SP: I've heard exactly the same thing you have. Wherever I go, the three major topics, trade, labor, and regulation and obviously President Trump is working with China right now with our team. He's instructed our team to make sure China buys more agricultural products, which could be good. Obviously there's concern about NAFTA. We were optimistic at one time, and probably not quite so right now because we're running out of time. But once again, NAFTA is very important to agricultural producers not only in Colorado but across the country. So we hope to get a deal restored with NAFTA. Timing is an issue with the elections. We've got some negotiations going on regarding the H-2A program, which would make it a lot more workable than it is now. That's kind of the litany of what I see out here.

RW: The H-2A visa program is a seasonal visa often used by farmers and ranchers. Well lots to run through there.

SP: Sure.

RW: NAFTA in particular, as I said, Mexico and Canada, formidable trading partners with Colorado. Seems like there's a lot of uncertainty there, I think that causes farmers some consternation. What would you tell them?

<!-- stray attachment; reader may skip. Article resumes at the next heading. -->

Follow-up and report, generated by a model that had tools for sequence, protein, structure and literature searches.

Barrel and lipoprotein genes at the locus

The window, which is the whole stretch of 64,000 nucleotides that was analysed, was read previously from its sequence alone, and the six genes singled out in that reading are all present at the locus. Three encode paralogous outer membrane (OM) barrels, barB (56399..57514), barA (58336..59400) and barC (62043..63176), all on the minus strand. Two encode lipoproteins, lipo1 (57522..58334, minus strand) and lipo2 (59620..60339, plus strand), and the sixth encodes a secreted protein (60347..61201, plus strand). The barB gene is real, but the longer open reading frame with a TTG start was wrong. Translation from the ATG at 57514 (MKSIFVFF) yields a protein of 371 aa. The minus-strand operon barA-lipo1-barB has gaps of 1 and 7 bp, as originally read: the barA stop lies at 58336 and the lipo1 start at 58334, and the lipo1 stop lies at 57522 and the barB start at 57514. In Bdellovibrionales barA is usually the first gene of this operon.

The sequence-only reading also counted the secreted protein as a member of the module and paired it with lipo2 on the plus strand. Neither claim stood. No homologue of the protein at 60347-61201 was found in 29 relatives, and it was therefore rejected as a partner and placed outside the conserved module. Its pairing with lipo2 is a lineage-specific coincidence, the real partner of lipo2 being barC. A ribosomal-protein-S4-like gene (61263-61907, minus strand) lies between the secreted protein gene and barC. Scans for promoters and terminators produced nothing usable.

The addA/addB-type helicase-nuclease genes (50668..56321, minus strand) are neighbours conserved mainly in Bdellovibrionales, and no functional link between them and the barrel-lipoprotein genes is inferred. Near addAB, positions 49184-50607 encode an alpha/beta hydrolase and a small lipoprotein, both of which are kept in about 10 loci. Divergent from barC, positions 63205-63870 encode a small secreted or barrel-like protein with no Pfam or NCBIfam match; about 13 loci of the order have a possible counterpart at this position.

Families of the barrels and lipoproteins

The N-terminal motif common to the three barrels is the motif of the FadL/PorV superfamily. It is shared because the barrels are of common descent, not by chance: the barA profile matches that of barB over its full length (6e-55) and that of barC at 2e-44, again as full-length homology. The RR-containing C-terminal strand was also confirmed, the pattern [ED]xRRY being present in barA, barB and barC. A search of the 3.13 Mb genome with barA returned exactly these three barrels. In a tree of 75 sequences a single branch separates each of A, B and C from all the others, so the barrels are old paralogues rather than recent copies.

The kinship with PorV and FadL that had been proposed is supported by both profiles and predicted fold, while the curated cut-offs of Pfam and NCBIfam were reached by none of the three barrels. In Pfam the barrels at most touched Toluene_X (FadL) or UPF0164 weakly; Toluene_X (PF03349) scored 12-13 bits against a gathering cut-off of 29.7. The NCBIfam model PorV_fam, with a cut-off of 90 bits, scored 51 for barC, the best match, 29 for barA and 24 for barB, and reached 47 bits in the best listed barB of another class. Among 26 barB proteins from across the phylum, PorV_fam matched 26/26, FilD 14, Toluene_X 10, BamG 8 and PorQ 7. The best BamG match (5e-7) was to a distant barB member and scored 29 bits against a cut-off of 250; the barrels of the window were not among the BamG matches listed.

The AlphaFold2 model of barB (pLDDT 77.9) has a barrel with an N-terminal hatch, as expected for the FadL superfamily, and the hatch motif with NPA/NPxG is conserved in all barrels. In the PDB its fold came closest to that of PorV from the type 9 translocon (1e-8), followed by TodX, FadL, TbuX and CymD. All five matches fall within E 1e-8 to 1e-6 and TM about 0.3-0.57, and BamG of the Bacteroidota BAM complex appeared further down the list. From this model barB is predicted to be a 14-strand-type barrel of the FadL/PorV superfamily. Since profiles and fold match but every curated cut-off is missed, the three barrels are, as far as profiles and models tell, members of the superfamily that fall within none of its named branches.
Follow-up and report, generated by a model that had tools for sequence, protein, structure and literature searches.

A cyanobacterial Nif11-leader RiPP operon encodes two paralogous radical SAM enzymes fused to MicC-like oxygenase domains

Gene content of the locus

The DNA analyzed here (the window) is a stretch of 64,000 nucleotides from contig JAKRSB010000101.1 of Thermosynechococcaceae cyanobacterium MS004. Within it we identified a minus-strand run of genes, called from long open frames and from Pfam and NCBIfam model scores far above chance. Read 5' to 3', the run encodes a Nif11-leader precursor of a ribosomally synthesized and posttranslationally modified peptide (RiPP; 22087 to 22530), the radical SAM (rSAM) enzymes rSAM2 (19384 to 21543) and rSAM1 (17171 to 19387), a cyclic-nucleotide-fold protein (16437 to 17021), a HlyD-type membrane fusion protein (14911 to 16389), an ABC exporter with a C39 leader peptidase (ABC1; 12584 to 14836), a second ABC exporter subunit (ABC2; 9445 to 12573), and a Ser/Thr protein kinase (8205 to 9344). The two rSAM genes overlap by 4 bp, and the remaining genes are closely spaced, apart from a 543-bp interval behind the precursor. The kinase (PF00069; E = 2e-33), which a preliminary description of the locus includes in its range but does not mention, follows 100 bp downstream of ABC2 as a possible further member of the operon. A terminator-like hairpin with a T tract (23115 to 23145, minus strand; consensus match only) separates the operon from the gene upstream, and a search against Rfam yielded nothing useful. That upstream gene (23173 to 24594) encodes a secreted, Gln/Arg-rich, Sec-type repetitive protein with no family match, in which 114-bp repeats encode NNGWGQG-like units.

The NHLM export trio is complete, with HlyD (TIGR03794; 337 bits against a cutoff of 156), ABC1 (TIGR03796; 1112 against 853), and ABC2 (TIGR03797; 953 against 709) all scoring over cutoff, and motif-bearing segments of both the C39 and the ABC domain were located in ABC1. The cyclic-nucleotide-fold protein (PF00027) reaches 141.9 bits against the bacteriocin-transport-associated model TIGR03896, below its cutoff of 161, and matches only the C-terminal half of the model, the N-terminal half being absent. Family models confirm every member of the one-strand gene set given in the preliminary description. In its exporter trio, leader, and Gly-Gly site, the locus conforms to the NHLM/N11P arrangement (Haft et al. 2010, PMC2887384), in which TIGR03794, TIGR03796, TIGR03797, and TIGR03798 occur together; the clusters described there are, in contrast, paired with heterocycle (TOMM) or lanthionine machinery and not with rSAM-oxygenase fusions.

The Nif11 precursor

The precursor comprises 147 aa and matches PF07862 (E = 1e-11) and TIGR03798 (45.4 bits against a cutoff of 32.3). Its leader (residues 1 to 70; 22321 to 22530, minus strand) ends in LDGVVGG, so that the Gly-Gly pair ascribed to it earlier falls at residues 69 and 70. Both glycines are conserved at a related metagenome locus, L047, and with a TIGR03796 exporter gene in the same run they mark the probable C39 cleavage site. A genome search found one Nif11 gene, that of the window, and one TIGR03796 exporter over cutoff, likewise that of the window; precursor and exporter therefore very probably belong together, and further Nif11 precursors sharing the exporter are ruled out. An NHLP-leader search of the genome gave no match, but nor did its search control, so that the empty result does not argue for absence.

SP: I think there's legitimate anxiety there about the NAFTA process and the progress. We are telling the president exactly the same thing. He understands, and he's told me to make sure these farmers know that he's going to have their back when it comes to trade. He understands that we export twenty cents out of every farm dollar, and Mexico and Canada are very important. He truly believes that we could've got a better deal. Ambassador Lighthizer is working on that, and we hope to have good news about that soon. Again, the timing is the issue with China, and the EU, and the other negotiations that are going on. We're running out time so we're anxious about that.